At Swoop we’re very excited to announce that we’ve partnered up with the Patagonia cruise company, Cruceros Australis.
Cruceros Australis really does combine the practical with the adventurous by operating an adventure cruise from Punta Arenas to Ushuaia and vice versa. Not only does this provide a seamless way of getting from Punta Arenas to Ushuaia but it takes the hassle out of crossing the Chilean/Argentinian border by land, or having to find an irregular and often expensive flight from Punta Arenas to Ushuaia. Perhaps most importantly, this cruise is a great way to celebrate the start of, or reward yourself at the end of, a challenging 5, 7, or even 10-day trek in Torres del Paine, before embarking on a journey to the ‘End of the Earth’. On the way, you’ll see the wilder and lesser-known parts of southern Patagonia and hear all about the culture, origins and wildlife of this region.
Cruceros Australis has 2 ships in its fleet; the Via Australis (2005) and Stella Australis (2010), both are big ships built to accommodate 136 and 210 passengers respectively. The ships operate from October to late March/early April and offer comfortable, light and airy cabins and lots of open space in the communal rooms. The brand new Stella Australis cabins even have a big square window in most twin and superior rooms, for fantastic views as you’re cruising along. Plus, if you’re travelling alone, they can pair you up with a same sex passenger, in order that you don’t have to pay extra for your room.
The 5-day itinerary from Punta Arenas to Ushuaia is available from October to early April and prices start at $2,608 USD (approx £1,609) for a standard A cabin in high season. Each day you travel along Patagonia’s waterways and stop off at the region’s glaciers, forests and specific points of interest:
Aside from your welcome cocktail on board the ship at 6pm on day 1, the highlights on this cruise include boarding a small Zodiac boat to Tucker Islets on day 1 to see burrowing Magellanic penguins, Sailing through ‘Glaciar Alley’ in the Beagle Channel and walking as close as possible up to the huge Pia Glacier, which stretches from the mountains to the sea, visiting Cape Horn National Park, a UNESCO World Heritage site, and Wulaia Bay, which was home to the largest aboriginal group in the region and is also the place where Darwin landed.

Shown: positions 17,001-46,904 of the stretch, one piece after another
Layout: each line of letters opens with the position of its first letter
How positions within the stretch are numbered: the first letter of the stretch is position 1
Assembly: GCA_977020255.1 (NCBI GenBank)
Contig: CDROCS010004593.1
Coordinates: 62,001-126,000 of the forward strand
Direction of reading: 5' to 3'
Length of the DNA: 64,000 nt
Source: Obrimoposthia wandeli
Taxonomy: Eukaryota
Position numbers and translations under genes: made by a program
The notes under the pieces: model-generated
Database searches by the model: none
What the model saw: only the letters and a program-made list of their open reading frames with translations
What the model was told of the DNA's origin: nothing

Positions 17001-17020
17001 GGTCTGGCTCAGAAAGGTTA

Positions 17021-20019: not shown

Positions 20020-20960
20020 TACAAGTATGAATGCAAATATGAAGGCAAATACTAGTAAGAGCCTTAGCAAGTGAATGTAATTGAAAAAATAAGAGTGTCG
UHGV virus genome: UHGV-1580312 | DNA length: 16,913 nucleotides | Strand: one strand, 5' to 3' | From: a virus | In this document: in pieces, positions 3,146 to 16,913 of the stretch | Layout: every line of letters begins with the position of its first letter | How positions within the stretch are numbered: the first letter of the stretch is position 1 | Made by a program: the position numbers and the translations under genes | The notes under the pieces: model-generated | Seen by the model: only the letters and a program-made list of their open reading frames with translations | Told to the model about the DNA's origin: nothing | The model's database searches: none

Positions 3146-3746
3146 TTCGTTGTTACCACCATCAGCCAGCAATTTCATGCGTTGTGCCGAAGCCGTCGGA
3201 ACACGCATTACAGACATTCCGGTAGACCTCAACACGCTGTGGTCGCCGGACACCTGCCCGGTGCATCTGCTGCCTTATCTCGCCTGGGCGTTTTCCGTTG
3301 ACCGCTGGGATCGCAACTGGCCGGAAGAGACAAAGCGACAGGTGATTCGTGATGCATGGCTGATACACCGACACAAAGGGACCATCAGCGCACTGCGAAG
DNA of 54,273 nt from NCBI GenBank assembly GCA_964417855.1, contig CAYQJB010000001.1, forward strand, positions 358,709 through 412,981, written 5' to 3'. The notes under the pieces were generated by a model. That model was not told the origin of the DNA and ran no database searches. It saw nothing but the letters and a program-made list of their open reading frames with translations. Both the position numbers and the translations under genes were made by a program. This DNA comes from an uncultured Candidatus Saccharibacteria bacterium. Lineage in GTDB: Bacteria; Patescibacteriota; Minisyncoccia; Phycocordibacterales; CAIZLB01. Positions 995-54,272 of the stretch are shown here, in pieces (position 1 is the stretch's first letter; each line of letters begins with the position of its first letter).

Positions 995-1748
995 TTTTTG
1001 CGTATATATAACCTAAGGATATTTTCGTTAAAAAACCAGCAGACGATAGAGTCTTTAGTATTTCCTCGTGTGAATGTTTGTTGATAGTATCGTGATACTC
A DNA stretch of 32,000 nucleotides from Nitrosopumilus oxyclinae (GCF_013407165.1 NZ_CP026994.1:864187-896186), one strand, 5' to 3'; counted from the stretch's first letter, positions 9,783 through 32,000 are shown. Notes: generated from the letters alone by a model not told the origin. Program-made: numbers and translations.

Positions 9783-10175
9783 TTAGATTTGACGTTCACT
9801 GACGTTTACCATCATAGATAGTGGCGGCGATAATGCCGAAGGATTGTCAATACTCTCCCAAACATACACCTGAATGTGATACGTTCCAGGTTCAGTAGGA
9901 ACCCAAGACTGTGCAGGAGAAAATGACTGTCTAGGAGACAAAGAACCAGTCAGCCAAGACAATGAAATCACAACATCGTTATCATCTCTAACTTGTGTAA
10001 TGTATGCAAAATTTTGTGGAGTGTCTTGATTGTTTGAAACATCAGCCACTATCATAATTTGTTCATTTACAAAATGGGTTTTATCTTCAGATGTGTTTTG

Day 1 – Punta Arenas
Day 2 – Ainsworth Bay and Tucker Islets
Day 3 – Pia Glacier & Glacier Alley
Day 4 – Cape Horn & Wulaia Bay
Day 5 – Ushuaia
Please see the route that the cruise follows:
The Patagonia cruise from Ushuaia to Punta Arenas is a day shorter, available from September to April and prices start at $1,956 USD (approx £1,207) for a standard cabin.
The itinerary is varied and exciting, starting at the charming town of Ushuaia;
Day 1 – Ushuaia
Day 2 – Cape Horn to Wulaia Bay
Day 3 – Piloto & Nena Glaciers
Day 4 – Magdalena Island to Punta Arenas
The highlights on this trip include visiting the UNESCO Cape Horn National Park on day 2 and walking through its beautiful Magellanic forest of Lengas, Coihues, Canelos, ferns, and other native vegetation to reach a look-out point over the entire park. On day 3 you sail through misty, eerily silent fjords and channels, arriving in the afternoon at Alakaluf Fjord where you’ll see cascading waterfalls and see two spectacular glaciers, whilst finding out more about why Patagonia has so many of them!
The cruise follows this route from Ushuaia to Punta Arenas:
The atmosphere on board means you can really relax and enjoy chatting to people from all over the world about their travels in Patagonia, on the comfy sofas and in the ship’s bar. The service on board the Cruceros Australis ships is great, with friendly staff and chefs that cook up delicious food for you each night. Also, during the Patagonia cruise and whilst on land, the team will hold presentations for you to enjoy and to learn more about the history and wildlife of the places you’re visiting. These presentations include disccusions and information about Charles Darwin, Cape Horn, the Strait of Magellan, the birds of Patagonia, the glaciers of Patagonia and the history of Tierra del Fuego.
This could be a great alternative for someone who doesn’t want to do too much trekking but still wants to see Patagonia at its wildest. It’s also a good option for self-guided trekkers in Torres del Paine, who could use the money they saved by not having a guide to really make the most out of their time in Patagonia by visiting Tierra del Fuego.